Mountain bikes live up to their name! With rugged components and frames, flat handlebars, excellent braking systems, and shock-absorbing features, mountain bikes can handle any terrain. But what about towing a bike trailer?
Your mountain bike should have no problem towing along a trailer full to the brim with cargo or passengers. It’ll definitely ramp up the challenge, especially over rougher terrain, but it’s a go!
With a mountain bike, it's less about whether or not you can pull a trailer, but rather about whether or not your trailer can handle the width of the trailer on the path. A consideration is the trailer's wheels; cheap, inferior trailers will have 16-inch wheels and plastic rims that bend the minute you hit a bump.
By all means, hook up your bike trailer to a mountain bike and go exploring. Just make sure your bike trailer is up to the task and the trailer is wide enough for passage!
Some mountain bikes have 12mm though axles, so you’ll need a special axle (Robert Axle Project) in order to attach a bike trailer to your mountain bike. Even so, as long as you follow the instructions provided by the trailer/axle manufacturer, you will have no problem attaching a bike trailer to your mountain bike.
Bike trailers provide extra storage space that can be invaluable for off-road adventures! Here are some tips to make your first adventure a success.
The ultimate in convenience, folding bikes are built to fold down and squeeze into trunks, closets, and subway cars with ease. These lightweight, compact bikes aren't the first thing that comes to mind when you think of hauling a bike trailer, but is it possible?
Despite their smaller, collapsible frames, high-quality folding bikes are fully capable of pulling a bike trailer. There are even bike trailers that fold just like your folding bike, so you could stow both of them in the same small space!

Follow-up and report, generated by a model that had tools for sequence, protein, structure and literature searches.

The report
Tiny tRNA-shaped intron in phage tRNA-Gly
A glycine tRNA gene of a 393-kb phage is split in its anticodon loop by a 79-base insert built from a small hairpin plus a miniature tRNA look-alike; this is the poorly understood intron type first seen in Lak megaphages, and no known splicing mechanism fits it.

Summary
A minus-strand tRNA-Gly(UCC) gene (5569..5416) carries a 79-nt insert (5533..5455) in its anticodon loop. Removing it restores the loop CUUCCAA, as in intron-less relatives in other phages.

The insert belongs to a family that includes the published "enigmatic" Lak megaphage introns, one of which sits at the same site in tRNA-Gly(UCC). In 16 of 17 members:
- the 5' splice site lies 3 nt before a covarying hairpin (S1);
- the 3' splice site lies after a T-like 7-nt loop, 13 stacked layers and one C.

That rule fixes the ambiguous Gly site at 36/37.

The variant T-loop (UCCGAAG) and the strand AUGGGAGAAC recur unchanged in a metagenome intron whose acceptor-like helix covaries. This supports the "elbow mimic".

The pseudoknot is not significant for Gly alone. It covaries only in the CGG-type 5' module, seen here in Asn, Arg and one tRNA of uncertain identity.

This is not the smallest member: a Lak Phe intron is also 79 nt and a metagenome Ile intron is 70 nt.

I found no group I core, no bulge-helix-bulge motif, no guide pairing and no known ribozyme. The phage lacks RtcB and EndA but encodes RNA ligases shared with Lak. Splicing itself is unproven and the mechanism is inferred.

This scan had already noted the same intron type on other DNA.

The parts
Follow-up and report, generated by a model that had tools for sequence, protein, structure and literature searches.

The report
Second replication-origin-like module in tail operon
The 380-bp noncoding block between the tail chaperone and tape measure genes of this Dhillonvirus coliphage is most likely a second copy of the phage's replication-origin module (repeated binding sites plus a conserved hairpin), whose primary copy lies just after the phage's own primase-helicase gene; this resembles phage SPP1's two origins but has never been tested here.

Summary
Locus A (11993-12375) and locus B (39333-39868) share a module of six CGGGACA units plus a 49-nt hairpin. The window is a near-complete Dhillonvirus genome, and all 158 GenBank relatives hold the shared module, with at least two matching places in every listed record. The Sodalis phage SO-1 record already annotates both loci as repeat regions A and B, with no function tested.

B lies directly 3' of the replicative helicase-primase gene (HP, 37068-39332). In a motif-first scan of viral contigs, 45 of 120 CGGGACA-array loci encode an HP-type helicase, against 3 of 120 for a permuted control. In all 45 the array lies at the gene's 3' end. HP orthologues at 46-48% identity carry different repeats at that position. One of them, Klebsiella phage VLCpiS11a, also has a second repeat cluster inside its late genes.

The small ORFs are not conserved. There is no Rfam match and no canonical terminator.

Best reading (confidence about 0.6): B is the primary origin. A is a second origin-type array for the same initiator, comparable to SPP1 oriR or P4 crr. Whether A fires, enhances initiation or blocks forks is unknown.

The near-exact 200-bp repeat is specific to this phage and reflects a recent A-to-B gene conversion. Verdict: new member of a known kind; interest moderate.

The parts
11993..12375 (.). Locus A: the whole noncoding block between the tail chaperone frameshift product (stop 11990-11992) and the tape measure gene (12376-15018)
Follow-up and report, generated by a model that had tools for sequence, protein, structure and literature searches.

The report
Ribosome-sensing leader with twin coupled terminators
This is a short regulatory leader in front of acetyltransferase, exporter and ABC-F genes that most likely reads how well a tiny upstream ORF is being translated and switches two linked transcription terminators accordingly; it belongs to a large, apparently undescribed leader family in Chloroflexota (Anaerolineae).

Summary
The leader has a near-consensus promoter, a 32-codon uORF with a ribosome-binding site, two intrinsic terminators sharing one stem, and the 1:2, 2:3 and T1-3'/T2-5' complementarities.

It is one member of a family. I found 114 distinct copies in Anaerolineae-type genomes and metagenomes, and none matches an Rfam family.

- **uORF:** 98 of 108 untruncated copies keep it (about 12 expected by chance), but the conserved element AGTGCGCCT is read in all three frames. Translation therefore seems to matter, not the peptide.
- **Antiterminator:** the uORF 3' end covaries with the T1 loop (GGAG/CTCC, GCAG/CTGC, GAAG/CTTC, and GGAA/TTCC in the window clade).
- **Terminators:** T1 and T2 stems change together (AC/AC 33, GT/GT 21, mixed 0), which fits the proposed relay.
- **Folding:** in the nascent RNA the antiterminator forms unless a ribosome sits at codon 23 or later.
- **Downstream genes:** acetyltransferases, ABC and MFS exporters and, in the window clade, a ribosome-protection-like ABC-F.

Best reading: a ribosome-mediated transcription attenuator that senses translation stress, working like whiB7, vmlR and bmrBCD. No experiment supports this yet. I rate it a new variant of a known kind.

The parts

Most bike trailer hitches will work with folding bikes. Some trailers come with axle attachments that let you adjust the height of the tow arm; if you’re using a folding bike, you should put it higher up so the trailer is more level.
When in doubt, ring the manufacturer of your folding bike and see what they have to say about towing a bike trailer with your folding bike. Some trailer manufacturers (Wike) have towbars that can be adjusted to 20” wheels
The learning curve for pulling bike trailers with a folding bike is about the same as any other bike. Take it for a spin on smooth, traffic-free roads first; practice turning with the wider radius; and secure all your cargo before you go out!
Recumbent bikes and trikes have you sitting in a reclined position rather than sitting upright or leaning forward. Recumbent bikes are awesome for a medium-intensity cardio workout, but how are they when it comes to pulling a bike trailer?
Here’s the thing: recumbent bikes and trikes come in so many different shapes and sizes that it’s impossible to give a blanket “yes” or “no” answer. Delta trike designs are very difficult to pull a trailer. Tadpole designs don’t usually have an issue with trailer hookups.
We’ve seen plenty of recumbent bikes pull a bike trailer with ease, usually by attaching it to the rear wheel axle; but it really depends on the form and design of your specific machine.
A good place to start would be to talk to your recumbent bike's manufacturer, who should know if other customers have towed trailers with their bikes.
Bikes trailers aren't for everyone riding a recumbent bike. Since you can’t stand up on a recumbent bike while pedaling up an incline, the extra weight of the bike trailer will make hills even more challenging. But if you’re up for a serious cardio workout, you could have a lot of fun hauling a trailer with your recumbent bike!
Any bicycle equipped with a motor so that you can pedal more quickly and with less effort is an e-bike. There are electric versions of nearly every bicycle on the market these days, from road bikes to mountain bikes to recumbents!
In terms of pulling a bike trailer, the electric motor doesn't really make a difference other than making your job easier! However if you have electric bike with the motor in the rear wheel and the power cord to the motor entering the axle on the left side you will not be able to attach most bike hitches.
Whether an electric bike can tow a trailer depends on the type of bike it is. Do you have an electric road bike, electric mountain bike...and so on. But there is really no type of bicycle that flat-out can’t haul a bike trailer, so you can be confident that your electric bike will do the job.
Simply put, if you’ve got an electric bike, you’ve got an electric bike that can pull a trailer!
No matter what type of bike you have, a bike trailer is the fastest, easiest way to extend its utility. Check out the most comprehensive line up of the very best bike trailers on the market!